Don’t accept the face value price of a drug

Everybody knows that some medications can cost a lot of money.  I always try to take the cost to my patients into account when prescribing a medication- after all, if someone can’t afford it, they are not going to take it.  When it’s appropriate (and 9 times out of 10 it is), I try to prescribe a generic medication.  They are much cheaper and work just as well as the brand name (almost always).

Imagine my surprise when a patient recently presented me with a receipt, along with a request to change medication because the one I gave her was too expensive.

Dont accept the face value price of a drug

The medication was diltiazem ER, the generic form of Cardizem CD.  The patient pay portion was $0.  However, this patient is on Medicare, and the cost of every drug inches her closer to the “donut hole.”  Basically, when the cost of drugs gets up to a certain amount (around $2,700), the patient enters a coverage gap and must pay 100% of medication costs.  If you look in the upper right hand corner of the receipt, you will see that the cost of this drug was $536.84.

To say I was stunned is putting it mildly.  So much so that I was convinced it was a mistake.  After, the cost of brand name Cardizem CD is $288.99.  How could a generic be more expensive?  Cardizem went generic in 2010 — that’s plenty of time for the price to come down.

I called Walmart to see what the story was.  I spoke to the pharmacy tech and asked her how much diltizem ER costs.  Her answer was that there was one that was $54 and another that was $84.   I then gave her my patient’s information and asked her why she was charged $536.84.  After a lot of hemming and hawing, she said that that was the cost for one particular pill made by one particular manufacturer.  I then asked her why my patient was given this one, instead of the one that was 10x cheaper.  She couldn’t answer the question, so I got the pharmacist on the phone.

I wish I could say I got a good, reasonable explanation.  I did not.  She told me that there are several versions of generic diltiazem ER.  They are all basically the same, but range in price from $53 to $536, depending on the manufacturer.  She had no idea why my patient was given the most expensive one.  I have some ideas, but I’m not going to speculate here, since I was always taught that if you can’t say anything nice, then don’t say anything at all.   I clarified to her that my patient was to only get the cheap one.  However, the damage is already done and she has edged an extra $500 closer to the donut hole.

So, what’s the moral of the story?  Don’t just accept that the price of a drug is what it is.  If something seems much more expensive than it should be, talk to the pharmacist or your doctor.  Shop around and bring your business elsewhere if a pharmacy is not willing to assist you.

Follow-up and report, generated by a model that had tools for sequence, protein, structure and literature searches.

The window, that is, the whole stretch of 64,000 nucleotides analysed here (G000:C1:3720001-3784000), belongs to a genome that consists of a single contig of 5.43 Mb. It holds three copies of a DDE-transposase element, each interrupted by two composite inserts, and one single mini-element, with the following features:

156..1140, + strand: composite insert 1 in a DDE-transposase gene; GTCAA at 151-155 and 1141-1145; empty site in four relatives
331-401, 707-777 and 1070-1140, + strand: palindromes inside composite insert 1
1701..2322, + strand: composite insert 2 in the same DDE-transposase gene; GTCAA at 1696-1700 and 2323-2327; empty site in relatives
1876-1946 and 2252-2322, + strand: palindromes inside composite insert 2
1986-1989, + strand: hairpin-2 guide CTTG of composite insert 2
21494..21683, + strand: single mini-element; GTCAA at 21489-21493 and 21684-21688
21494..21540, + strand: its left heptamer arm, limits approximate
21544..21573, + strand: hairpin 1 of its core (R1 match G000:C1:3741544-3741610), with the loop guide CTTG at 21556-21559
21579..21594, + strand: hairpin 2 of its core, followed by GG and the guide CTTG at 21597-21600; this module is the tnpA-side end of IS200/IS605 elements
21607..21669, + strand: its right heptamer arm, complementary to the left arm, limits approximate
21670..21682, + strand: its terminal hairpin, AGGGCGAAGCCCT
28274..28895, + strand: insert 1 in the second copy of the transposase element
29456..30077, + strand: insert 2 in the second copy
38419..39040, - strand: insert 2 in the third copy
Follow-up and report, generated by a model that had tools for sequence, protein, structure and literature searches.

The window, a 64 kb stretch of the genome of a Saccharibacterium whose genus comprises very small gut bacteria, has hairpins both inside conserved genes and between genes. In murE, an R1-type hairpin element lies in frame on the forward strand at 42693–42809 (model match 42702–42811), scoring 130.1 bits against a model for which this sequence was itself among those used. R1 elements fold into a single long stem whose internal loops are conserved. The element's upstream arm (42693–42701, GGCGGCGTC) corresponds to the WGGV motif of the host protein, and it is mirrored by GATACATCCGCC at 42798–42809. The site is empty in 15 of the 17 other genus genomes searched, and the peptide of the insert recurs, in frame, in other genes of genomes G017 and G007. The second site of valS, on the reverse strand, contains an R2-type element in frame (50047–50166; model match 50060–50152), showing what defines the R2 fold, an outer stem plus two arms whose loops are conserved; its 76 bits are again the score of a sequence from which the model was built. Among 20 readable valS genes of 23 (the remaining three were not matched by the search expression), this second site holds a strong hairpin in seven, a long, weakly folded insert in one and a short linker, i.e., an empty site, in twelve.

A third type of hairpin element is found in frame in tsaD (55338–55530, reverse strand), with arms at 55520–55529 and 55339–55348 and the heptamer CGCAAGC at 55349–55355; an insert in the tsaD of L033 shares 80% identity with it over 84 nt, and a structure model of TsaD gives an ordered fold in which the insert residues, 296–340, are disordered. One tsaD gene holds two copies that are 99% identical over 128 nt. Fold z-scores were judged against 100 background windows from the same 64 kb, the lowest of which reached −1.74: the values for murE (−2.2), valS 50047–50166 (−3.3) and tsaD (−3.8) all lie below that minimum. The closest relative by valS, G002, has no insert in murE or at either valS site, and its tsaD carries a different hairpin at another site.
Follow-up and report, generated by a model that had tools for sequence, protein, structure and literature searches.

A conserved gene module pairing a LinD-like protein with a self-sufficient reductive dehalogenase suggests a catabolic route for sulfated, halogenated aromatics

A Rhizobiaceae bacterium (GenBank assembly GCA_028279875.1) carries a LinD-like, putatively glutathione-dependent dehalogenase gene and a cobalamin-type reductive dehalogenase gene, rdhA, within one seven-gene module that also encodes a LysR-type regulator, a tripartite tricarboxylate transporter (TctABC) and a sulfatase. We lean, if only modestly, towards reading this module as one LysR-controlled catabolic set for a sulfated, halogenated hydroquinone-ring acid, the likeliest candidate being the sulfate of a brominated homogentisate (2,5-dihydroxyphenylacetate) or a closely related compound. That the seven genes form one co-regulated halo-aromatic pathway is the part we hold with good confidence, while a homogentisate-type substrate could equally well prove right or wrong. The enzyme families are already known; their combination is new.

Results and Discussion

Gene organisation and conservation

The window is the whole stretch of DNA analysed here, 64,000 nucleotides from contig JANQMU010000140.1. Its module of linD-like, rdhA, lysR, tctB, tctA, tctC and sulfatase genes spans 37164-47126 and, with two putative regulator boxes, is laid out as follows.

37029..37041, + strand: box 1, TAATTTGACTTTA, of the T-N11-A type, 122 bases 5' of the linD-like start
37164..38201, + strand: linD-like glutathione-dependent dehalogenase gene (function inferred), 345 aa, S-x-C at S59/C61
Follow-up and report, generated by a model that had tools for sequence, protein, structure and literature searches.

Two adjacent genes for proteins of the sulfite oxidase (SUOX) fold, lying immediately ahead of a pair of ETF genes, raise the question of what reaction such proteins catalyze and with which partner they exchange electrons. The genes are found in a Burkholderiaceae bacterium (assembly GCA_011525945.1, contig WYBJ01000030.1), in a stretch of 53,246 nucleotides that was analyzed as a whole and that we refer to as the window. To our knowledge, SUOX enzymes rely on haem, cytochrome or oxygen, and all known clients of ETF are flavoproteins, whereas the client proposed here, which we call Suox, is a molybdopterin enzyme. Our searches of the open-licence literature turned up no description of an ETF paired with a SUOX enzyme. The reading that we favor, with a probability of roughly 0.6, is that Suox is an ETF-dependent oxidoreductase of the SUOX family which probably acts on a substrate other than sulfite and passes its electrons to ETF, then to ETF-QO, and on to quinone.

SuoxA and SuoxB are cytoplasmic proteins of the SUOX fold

Marni Nicholas is an internal medicine physician who blogs at Patients, Patience, and Paces.

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  • http://www.facebook.com/james.m.weber.1 James Matthew Weber

    The Walmart business model is ‘interesting’. In places you expect the pharmacy to be low cost, it often is in fact very high cost.
    I wish I could say that this was a unique experience, however my experience with Walmart Pharmacies is that your prescription has to fall into one of 3 categories for Walmart prices to be competitive. If you have insurance, it is the copay,no problem. If your prescription is covered under the $4 or $10 programs, no problem. If you are using a Walmart Co-Branded product such as Humulin insulin, you are ok. Otherwise my experience is that Walmart’s generic prices are often very high. They seem to select high cost generic suppliers outside the $10 and $4 products. I found a mail order pharmacy on the West Coast that charges less than half the Walmart price on my generic prescriptions, and in some cases, less than 1/3rd.

  • Diane Fonner

    I’ll put in my 2 cents for independent pharmacies. They may not always be the cheapest in town but we always try to work with patients. We can’t promise $4 or $10 but we try to be consistent and it is in OUR best interest to order consistently and from the same manufacturer when possible so the patient gets the same tablet each time. Therefore we keep our prices as even across the board as we can. Though with drug shortages being as crazy as they have been, some things have to change at times. Also, we can usually get meds the next day (not twice a week like most big stores do now). And service is number 1 for our customers. That’s how we stay in business.